(adapted from "What's Wild," Project WILD)
Students learn the differences between wildlife and domesticated animals.
Grades: K - 1
Time: about 1/2 hour
Subjects: Life science, visual arts
- Pictures of animals (from magazines, newspapers, photos, photocopies -- check school and public libraries for free magazines)
- Large construction paper for each student
- Large chart paper for each class
Wildlife are animals that live in a basically free condition, providing for their own food, shelter and other needs in environments that serve as suitable habitat. “Wildlife” refers to animals that are not tamed or domesticated. Domesticated animals are those which humans have tamed, kept in captivity and bred for special purposes. The process of domestication takes place over a long period of time through many generations. All domesticated animals have their ancestry in wild animals. When students have difficulty distinguishing between wild and domesticated animals, encourage them to think about what is usually the case. Remember that wild animals basically take care of themselves, and domesticated animals usually depend on people to take care of them in some way.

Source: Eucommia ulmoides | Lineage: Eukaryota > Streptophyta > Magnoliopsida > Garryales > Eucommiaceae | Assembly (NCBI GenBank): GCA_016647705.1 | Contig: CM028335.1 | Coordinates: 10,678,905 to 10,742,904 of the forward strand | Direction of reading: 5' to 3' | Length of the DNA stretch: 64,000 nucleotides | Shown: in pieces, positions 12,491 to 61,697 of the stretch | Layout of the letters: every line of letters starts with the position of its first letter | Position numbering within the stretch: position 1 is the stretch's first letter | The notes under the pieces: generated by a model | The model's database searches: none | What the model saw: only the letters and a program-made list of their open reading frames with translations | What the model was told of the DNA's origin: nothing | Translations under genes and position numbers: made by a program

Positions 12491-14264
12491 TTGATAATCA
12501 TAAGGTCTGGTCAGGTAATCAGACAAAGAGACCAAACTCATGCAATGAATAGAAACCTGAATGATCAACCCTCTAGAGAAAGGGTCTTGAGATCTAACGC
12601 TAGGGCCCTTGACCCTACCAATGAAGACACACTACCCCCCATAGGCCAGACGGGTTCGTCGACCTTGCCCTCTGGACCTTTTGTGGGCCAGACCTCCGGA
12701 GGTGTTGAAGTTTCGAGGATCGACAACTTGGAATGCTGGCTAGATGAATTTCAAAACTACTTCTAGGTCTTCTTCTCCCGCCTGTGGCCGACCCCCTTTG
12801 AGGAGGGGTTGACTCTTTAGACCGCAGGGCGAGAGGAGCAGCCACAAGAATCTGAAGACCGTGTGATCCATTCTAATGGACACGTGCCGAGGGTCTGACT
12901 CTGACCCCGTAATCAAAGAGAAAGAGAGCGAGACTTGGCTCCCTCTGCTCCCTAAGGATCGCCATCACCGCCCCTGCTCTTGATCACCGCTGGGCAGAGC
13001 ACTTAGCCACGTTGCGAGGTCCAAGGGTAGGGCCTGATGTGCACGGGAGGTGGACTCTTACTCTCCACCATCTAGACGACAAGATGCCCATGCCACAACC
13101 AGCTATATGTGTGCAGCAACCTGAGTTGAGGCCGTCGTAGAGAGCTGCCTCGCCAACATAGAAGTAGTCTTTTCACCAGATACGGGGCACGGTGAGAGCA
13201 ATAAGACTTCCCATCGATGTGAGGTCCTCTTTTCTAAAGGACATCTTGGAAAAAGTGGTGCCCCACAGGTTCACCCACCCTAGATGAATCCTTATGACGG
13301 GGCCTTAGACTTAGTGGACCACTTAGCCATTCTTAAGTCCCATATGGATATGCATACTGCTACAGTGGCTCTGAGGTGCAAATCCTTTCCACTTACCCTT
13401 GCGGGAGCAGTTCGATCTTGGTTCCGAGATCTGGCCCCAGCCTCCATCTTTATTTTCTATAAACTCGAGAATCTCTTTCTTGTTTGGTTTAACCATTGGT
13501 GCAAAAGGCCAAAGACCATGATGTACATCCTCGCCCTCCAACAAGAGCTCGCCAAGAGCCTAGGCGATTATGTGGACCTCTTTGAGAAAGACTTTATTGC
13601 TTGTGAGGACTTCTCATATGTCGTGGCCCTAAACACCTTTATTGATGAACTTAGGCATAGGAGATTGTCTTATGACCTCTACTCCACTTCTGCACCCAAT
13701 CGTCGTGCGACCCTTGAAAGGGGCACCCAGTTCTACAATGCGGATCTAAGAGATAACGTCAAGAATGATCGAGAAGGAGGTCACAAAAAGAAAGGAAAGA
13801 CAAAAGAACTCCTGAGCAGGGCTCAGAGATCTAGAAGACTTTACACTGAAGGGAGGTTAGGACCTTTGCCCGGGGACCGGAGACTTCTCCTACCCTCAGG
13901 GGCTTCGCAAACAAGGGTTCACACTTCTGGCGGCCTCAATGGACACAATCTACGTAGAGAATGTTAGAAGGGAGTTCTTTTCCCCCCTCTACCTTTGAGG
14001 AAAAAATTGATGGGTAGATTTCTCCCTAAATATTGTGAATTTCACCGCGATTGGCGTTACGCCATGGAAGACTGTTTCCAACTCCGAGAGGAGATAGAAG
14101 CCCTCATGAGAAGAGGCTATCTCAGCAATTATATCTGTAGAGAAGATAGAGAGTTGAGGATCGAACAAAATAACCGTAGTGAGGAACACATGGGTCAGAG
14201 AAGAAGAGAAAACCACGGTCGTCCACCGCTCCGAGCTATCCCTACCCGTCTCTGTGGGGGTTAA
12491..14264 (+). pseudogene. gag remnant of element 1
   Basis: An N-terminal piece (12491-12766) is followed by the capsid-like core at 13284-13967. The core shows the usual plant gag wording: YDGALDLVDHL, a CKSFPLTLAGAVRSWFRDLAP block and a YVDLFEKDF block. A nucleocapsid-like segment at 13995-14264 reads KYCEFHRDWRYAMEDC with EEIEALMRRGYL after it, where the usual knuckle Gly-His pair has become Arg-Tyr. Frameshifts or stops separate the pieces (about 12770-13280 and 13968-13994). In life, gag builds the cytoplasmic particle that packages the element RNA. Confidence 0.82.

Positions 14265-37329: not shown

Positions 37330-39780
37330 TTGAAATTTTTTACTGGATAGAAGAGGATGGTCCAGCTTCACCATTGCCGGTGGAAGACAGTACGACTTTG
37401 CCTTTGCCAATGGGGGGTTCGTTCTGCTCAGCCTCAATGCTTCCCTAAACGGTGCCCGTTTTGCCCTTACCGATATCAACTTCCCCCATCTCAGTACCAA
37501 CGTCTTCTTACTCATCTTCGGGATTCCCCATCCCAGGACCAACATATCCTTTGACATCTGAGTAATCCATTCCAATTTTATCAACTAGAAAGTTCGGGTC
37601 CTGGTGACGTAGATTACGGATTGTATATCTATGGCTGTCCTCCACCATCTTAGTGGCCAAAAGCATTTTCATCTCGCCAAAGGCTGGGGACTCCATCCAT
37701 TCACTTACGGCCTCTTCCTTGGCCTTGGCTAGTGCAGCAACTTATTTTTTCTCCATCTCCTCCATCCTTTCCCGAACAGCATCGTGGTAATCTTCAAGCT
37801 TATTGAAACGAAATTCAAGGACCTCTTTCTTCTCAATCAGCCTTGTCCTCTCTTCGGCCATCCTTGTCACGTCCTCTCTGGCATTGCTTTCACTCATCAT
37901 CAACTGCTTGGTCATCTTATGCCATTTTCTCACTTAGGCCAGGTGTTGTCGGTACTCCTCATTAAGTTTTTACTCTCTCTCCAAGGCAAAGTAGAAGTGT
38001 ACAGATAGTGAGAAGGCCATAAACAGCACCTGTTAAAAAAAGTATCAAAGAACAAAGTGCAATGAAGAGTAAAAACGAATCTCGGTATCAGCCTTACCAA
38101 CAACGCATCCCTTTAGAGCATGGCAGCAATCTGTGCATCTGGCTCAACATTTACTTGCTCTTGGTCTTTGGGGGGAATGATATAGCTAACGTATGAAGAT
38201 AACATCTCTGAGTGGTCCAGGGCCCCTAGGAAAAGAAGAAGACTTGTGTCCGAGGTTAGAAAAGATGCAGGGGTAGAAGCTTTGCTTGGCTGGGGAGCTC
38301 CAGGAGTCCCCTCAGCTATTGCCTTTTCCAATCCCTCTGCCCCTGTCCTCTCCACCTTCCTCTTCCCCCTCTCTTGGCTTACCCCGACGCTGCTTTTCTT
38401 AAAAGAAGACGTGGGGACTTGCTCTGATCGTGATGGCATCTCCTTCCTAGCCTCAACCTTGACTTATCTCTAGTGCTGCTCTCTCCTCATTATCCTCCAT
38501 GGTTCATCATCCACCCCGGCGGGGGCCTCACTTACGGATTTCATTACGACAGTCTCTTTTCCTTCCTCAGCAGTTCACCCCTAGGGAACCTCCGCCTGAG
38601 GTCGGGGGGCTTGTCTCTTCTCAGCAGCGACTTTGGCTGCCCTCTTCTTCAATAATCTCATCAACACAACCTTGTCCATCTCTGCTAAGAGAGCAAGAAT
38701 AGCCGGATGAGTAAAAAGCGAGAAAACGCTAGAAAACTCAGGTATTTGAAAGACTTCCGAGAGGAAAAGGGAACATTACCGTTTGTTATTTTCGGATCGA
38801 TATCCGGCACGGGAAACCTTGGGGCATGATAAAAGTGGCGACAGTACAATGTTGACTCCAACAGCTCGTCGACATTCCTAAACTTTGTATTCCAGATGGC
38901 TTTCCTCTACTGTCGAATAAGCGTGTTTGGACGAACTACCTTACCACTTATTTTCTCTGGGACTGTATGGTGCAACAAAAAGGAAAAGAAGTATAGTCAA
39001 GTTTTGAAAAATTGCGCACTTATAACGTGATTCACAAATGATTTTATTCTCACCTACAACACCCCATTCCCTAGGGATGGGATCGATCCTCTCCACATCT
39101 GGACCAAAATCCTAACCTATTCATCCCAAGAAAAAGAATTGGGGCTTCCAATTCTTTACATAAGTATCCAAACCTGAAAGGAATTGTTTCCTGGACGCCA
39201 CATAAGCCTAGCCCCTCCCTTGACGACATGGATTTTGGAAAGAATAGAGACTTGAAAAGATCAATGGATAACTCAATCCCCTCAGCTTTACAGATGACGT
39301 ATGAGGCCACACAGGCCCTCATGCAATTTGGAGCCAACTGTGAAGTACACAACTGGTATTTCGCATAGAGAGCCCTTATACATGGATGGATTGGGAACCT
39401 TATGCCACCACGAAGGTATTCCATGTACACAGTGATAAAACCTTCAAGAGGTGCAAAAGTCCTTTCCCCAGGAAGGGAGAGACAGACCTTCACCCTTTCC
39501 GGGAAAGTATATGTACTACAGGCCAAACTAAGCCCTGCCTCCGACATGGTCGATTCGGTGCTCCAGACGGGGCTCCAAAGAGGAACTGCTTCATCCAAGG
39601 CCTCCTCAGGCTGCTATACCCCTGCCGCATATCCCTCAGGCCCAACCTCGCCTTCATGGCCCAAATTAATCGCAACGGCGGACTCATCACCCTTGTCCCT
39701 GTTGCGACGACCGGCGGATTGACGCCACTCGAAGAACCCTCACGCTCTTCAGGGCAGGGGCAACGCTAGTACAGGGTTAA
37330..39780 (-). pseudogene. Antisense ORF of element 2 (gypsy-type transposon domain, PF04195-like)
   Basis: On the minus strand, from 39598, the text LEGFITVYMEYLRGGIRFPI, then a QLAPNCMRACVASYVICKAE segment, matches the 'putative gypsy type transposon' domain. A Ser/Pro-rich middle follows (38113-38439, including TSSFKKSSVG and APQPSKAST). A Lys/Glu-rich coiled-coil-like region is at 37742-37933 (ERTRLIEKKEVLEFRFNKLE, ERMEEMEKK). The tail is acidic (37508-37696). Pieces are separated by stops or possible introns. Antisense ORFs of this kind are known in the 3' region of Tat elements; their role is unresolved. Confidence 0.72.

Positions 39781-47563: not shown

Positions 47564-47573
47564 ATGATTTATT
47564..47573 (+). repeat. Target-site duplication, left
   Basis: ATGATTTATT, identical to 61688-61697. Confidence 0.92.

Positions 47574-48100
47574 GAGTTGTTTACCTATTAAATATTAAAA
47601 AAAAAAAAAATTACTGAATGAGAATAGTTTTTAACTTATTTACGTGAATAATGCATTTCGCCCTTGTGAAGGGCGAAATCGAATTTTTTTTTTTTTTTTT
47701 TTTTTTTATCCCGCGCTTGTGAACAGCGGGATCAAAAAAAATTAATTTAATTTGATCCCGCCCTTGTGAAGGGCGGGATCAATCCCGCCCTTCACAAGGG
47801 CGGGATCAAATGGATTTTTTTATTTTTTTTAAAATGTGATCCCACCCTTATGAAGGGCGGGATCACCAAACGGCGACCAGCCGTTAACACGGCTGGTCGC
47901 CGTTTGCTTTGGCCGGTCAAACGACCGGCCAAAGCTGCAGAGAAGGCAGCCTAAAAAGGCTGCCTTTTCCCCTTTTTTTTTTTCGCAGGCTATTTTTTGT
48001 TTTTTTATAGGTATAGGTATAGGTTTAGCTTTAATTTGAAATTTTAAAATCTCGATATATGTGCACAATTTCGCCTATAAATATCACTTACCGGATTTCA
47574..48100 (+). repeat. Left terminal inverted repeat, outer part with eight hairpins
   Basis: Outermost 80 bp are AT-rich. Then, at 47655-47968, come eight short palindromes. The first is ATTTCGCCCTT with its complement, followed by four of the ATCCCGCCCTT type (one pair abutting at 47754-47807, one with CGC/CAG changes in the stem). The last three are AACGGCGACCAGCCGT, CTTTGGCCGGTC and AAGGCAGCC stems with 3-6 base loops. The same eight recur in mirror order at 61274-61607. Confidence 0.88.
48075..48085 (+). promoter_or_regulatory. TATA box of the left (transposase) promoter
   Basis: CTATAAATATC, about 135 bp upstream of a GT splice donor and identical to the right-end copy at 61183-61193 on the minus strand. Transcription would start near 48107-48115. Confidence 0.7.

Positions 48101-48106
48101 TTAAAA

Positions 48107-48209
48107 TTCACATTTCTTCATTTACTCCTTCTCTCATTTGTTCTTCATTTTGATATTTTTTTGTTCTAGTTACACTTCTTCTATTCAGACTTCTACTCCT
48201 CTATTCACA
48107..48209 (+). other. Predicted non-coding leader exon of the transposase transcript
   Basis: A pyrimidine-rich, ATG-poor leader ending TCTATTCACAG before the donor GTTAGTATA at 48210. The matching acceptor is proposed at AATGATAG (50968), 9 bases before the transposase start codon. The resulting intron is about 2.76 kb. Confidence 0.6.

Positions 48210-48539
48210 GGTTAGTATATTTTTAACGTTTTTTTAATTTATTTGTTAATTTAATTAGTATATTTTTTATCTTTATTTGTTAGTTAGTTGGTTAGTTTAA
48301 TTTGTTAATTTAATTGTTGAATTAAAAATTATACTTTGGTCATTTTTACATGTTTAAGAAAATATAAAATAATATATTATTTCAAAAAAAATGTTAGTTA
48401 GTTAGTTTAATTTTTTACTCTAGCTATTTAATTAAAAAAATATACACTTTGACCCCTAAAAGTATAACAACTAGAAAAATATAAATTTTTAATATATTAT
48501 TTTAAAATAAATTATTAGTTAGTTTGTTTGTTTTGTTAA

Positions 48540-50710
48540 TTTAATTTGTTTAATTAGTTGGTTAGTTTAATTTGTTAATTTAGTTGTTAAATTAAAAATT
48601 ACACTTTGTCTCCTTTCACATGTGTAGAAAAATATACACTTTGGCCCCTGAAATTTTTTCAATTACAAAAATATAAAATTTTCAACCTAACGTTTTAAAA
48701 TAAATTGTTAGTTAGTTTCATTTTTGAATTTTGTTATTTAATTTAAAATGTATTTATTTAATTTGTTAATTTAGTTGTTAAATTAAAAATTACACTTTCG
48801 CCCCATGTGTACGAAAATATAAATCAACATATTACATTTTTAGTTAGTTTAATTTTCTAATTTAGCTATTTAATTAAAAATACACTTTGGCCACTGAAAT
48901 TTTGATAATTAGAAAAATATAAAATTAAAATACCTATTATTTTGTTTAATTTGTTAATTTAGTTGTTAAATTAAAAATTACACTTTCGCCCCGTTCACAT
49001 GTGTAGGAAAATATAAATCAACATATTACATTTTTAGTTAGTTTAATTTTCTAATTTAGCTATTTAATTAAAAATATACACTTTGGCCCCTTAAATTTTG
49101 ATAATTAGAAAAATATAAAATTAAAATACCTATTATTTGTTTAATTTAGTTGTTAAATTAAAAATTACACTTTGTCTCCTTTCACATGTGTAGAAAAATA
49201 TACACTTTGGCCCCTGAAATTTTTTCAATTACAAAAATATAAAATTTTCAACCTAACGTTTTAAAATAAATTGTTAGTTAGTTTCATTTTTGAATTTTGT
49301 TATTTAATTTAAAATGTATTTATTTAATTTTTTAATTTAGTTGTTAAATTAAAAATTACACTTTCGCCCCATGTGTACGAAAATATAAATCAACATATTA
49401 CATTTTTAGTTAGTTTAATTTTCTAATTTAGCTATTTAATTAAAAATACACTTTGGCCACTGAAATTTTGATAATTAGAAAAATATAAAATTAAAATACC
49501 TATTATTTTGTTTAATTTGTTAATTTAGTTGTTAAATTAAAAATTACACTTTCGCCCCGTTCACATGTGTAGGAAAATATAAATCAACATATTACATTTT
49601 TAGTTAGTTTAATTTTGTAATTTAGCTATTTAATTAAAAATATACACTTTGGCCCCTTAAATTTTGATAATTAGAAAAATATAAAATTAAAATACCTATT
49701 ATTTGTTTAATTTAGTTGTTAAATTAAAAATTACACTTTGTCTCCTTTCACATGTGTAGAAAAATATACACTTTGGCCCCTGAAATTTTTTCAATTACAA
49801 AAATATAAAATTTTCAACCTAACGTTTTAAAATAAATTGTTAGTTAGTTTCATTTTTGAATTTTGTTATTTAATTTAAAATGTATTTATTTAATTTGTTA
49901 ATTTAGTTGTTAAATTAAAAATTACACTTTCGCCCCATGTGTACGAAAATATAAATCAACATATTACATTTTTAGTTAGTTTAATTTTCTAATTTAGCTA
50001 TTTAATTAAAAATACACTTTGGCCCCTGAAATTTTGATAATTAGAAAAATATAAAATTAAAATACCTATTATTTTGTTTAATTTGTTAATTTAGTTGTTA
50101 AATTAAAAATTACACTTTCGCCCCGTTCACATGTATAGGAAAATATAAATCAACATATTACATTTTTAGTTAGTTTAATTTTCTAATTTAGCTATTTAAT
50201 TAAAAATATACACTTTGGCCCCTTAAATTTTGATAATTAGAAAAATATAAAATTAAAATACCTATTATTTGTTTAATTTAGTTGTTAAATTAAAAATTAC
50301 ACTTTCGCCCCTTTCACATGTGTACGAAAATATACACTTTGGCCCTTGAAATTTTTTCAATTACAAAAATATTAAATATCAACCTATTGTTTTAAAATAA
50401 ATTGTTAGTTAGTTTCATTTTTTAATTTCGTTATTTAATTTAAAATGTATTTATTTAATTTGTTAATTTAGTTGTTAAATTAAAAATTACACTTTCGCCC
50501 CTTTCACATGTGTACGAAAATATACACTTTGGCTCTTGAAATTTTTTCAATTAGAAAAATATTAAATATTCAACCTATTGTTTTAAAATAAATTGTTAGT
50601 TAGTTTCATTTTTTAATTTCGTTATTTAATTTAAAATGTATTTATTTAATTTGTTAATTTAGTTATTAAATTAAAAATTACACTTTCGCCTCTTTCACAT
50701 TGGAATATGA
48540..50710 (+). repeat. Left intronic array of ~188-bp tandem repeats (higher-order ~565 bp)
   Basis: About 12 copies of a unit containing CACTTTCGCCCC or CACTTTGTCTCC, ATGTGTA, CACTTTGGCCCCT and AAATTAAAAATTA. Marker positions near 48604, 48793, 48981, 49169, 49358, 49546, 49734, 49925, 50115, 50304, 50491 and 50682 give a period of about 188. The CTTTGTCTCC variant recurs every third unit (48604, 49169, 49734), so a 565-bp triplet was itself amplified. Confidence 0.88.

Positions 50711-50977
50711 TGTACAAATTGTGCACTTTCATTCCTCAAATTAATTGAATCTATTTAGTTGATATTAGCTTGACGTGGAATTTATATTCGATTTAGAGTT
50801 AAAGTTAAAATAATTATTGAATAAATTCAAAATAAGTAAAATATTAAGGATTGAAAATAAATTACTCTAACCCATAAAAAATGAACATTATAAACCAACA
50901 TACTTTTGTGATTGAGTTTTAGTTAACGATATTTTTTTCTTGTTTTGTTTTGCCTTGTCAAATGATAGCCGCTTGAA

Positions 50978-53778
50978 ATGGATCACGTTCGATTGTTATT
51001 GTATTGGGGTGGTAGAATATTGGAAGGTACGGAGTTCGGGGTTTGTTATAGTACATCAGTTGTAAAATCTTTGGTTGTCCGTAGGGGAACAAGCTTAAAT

- Before the lesson ask students to bring pictures of animals -- any kind.
- What makes an animal a wild animal? Eventually students will come to the conclusion that tame animals need humans in some way and wild animals get along fine without people.
- Students work alone or in pairs to put the pictures into the categories "domestic" and "wild", to make 2 collages. Are there any animals you can think of which can be either domestic or wild?
Students draw a picture of a wild animal and a domesticated animal.